Italeri 1/32 F-104G/S Starfighter Kit Quick Build Review
By Michael Benolkin
|Date of Review||December 2013||Manufacturer||Italeri|
|Kit Number||2502||Primary Media||Styrene, Photo-Etch|
|Pros||Nicest F-104 kit in any scale to date||Cons||Nothing noted|
|Skill Level||Basic||MSRP (USD)||$169.00|
Quick Build Review
For a brief history of this subject and a look at this kit out of the box, look here.
To get started with this kit, you need to spend a little time in the back of the instruction book to select which subject you're going to build. There are ten subjects covered by this kit and these illustrate how there is no simple F-104G or F-104S option here. With the F-104S, two versions are provided, the F-104S which was the first operational Starfighter to carry the radar-guided AIM-7 Sparrow missile, and the F-104S-ASA which could employ Sparrow, Aspide, and the AIM-9L Sidewinder. Parts are also provided for the CF-104 and the variations of the F-104G in service (most notably the Lockheed C2 or the Martin Baker Mk.7 ejection seat). Next, walk through the assembly steps to see where the assembly steps for your subject are called out so you won't inadvertently go down the wrong path. I decided on a generic F-104G but selected a few options that weren't relevant to see if there were any surprises in the assembly process.
Since this is a quick-build, the standard rules apply: the only materials used to build this model were Tamiya Extra Thin Cement, X-Acto knife, Xuron sprue cutters, a micro-chisel, and a few hobby files. No cyano was required since I didn't use the photo-etched parts, and no filler or paints were used so you can see the bare kit as-assembled.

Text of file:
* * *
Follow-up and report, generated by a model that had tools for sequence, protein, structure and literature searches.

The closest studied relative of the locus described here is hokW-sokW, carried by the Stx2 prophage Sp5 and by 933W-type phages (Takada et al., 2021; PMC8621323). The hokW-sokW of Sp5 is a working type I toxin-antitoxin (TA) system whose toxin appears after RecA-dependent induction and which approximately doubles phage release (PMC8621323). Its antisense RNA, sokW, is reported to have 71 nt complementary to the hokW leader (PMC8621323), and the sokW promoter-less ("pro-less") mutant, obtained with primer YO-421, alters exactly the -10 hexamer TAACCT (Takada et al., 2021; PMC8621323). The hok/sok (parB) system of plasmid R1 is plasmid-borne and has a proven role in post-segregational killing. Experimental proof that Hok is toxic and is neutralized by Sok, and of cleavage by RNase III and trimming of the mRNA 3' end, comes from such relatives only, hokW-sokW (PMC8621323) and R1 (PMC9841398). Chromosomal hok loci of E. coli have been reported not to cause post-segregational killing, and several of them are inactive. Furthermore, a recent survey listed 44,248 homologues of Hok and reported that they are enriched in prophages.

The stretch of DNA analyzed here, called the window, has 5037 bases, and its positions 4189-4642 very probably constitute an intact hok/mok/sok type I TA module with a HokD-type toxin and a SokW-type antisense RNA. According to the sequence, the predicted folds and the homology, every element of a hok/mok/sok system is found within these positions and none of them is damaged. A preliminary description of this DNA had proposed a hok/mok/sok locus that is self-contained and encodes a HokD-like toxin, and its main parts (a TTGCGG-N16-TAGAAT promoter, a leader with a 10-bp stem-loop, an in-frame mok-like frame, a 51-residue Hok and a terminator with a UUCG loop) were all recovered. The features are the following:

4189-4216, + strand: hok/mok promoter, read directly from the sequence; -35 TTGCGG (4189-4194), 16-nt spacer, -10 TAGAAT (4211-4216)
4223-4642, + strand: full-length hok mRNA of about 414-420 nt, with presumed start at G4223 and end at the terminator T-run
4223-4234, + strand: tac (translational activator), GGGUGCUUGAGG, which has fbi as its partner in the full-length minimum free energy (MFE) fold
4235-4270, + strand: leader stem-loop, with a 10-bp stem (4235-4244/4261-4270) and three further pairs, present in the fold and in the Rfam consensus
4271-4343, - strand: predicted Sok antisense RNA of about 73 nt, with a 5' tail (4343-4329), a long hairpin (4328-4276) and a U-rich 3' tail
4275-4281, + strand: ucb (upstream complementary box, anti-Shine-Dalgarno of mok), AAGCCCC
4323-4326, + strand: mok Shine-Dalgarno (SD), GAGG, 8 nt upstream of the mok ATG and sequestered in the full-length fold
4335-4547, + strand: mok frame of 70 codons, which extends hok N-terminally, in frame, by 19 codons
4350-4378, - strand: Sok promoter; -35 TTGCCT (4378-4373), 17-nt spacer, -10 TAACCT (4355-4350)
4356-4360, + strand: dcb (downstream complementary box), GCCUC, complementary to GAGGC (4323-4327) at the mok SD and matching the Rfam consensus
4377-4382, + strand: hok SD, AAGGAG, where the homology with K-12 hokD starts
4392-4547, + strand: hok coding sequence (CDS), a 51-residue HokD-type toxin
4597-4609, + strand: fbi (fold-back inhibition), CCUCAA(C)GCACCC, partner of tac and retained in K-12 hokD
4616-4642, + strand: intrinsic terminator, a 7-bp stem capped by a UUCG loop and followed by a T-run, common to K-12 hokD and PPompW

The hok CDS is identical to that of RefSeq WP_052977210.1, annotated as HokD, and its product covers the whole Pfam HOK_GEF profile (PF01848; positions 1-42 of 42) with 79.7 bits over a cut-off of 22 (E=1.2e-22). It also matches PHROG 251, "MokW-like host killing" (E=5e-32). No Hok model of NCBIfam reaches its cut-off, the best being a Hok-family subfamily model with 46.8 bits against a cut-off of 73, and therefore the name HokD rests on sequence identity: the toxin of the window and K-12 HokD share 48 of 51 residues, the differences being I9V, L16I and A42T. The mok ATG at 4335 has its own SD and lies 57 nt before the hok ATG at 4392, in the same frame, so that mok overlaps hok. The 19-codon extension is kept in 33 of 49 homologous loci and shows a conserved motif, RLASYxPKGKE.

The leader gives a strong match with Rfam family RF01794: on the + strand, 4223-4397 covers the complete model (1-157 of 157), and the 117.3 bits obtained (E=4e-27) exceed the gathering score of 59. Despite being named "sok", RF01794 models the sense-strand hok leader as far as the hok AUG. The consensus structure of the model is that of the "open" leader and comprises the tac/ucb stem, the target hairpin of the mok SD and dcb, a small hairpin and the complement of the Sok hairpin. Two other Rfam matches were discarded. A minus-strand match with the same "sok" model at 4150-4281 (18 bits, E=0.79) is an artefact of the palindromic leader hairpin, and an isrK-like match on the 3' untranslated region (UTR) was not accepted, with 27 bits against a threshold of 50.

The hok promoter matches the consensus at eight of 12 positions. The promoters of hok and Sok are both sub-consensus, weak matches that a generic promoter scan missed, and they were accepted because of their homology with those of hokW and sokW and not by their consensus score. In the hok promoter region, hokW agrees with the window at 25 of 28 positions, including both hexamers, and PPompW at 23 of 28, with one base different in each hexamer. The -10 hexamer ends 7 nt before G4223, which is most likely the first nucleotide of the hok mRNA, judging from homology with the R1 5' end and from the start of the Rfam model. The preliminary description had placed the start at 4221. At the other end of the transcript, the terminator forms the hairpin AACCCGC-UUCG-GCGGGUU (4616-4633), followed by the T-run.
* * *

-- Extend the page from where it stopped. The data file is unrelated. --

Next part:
As with any good aircraft kit, assembly starts with the cockpit and specifically with the ejection seat. I built-up the MB Mk.7 and though I didn't use the photo-etched pilot restraints, the seat is quite nice.
Next comes the cockpit tub and this will be a joy to detail paint. The details are sharp and will be great to work through. The kit provides a choice of styrene instrument panel or the option to replace sections of the panel with photo-etched details. I used the styrene panel and this too will look great with some detail painting and some decal instrument faces dropped into the provided recesses. The only point I found unclear in the instructions is the placement for the ejection seat rails. There is a narrow and a wide arrangement but after some trial and error, the Mk.7 goes onto the narrow rails, the C2 goes onto the wide rail placement.
The main wheel wells are next and these assemble with no surprises. I did spend a little time cleaning up the main gear struts of the mold lines before mounting them. The intake ducts that mount to the rear bulkhead can go onto the part rotated up or down. Since there is no clear indication in the instructions for orientation, I found that you want the duct sloping up to the top of the aircraft so the J79 will be properly oriented in the fuselage.